Work of Beth Lyn Clewley


Alluvial Mine Claim

First Steps Towards Eldorado

Aloha Beth Lynne Clewley

I am kama'aina!

Not born of the land, but bathed in it,
Newly birthed to be bred in it
I am the foam that rises atop blue rolling hills of liquid.
Converging,
Merging,
Meeting sand
Seas absorb
I spill with the salt, but not unlucky I fall
Layers beneath
I am one with the infinite grains, the earth.
This island rejoices, extends its arms and calls me "friend"
I am kama'aina!
I am a child of the mountains that surround me
The peaks that rise up to fill my eyes with new visions
Inspired,
Re-fired,
I aspire
To greater heights, to purple mountain majesties.
They are my guardians.
On all sides,they cradle me, protect me, keep me,
Build a wall around me, and I see that I,
I am among the blessed.
I am kama'aina!
Not born of the land, but bathed in it,
Newly birthed to be bred in it.
I am the whisper of the winds that toss the trees.
Swaying,
Soothing,
Often whipping
To and fro,
I speak with gentleness, at times unbridled angst.
Keeping leaves in perpetual motion,
I stop only to kiss the cheeks of my beloved keiki.
I am the ying and the yang
Friend to the rain, that brings growth and renewal.
This land it weeps, gathering me to its bosom and calling "friend"
I am kama'aina!
I am a witness to the seductive and dangerous beauty of Pele
The power of Pahoehoe and A'a, the wrath of a woman scorned.
Glowing,
Flowing,
Sowing destruction
Hell hath neither fury, nor heaven enough glory
To lift my soul in breathtaking wonderment,
Bending my spirit in humbled reverence all the while.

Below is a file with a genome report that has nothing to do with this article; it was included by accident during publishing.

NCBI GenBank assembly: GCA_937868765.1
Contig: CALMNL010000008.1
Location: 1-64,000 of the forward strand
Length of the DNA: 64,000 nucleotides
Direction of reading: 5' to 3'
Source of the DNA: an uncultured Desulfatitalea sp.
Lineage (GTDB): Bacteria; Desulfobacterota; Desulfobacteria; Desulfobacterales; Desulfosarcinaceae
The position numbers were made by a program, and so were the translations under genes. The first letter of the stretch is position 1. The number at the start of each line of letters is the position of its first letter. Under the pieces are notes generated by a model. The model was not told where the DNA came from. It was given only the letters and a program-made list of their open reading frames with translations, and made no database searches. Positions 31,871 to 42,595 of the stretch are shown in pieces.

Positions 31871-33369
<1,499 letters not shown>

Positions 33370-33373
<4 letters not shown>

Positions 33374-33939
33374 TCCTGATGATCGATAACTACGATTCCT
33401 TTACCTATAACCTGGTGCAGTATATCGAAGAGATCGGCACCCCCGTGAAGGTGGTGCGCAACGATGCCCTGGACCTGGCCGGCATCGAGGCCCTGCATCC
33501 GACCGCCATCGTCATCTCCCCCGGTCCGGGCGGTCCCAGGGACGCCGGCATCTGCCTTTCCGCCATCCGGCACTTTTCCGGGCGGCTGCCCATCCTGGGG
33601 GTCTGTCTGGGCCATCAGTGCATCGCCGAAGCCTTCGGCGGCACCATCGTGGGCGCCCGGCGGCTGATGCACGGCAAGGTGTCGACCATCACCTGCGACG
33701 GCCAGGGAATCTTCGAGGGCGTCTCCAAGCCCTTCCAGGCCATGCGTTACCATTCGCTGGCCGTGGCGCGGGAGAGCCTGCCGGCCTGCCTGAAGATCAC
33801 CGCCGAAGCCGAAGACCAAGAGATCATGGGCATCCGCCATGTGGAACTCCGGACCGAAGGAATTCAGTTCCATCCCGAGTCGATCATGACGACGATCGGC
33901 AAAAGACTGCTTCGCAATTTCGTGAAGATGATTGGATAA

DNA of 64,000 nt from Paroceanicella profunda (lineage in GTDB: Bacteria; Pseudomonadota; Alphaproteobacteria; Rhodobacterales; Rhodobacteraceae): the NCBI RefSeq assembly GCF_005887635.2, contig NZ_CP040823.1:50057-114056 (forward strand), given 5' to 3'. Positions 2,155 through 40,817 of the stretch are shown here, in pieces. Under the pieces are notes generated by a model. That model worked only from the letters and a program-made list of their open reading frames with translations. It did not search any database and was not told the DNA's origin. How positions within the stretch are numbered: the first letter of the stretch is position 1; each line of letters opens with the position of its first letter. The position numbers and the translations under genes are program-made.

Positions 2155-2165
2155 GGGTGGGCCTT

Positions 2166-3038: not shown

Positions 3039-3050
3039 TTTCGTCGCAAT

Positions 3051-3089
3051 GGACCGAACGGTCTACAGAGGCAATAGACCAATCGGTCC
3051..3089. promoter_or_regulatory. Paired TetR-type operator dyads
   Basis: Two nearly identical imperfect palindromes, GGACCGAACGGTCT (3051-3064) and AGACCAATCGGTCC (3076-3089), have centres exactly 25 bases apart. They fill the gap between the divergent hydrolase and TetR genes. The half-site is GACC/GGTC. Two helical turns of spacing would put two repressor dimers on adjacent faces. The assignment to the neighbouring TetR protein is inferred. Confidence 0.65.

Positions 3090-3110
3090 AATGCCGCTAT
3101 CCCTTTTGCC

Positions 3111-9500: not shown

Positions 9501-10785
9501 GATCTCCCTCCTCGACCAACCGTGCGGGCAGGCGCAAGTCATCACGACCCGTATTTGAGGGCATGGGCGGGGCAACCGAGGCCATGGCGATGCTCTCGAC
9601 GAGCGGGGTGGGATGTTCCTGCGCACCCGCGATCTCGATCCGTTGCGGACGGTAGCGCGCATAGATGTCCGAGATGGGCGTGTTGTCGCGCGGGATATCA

As Pele is both ruination and reparation, knowledge of carnage,
Yet still blessed with creation.
I am also woman.
I am kama'aina!

Beth Lynne Clewley

Though disagreements crop up often over its meaning, usually between the locals and the frequent visitors the word "kama `aina" literally means "child of the land". Some locals say it means "native born" while some travelers say the word kama `aina refers to one who repeatedly travels to and visits Hawaii. I personally accept kama aina at it's literal translation as "child of the land" and also believe it represents a love, respect, and regard for the beauty and blessings of the islands of Hawaii and the culture and lifestyle here. I not only call Hawaii home on my Driver's Licence, or by location of my residence, but also in my heart. I love and cherish the land, the resources, and the richness of the islands, and I live my life to that standard. Caring for the aina by respecting the environment, the wildlife, and the people here with the spirit of Aloha.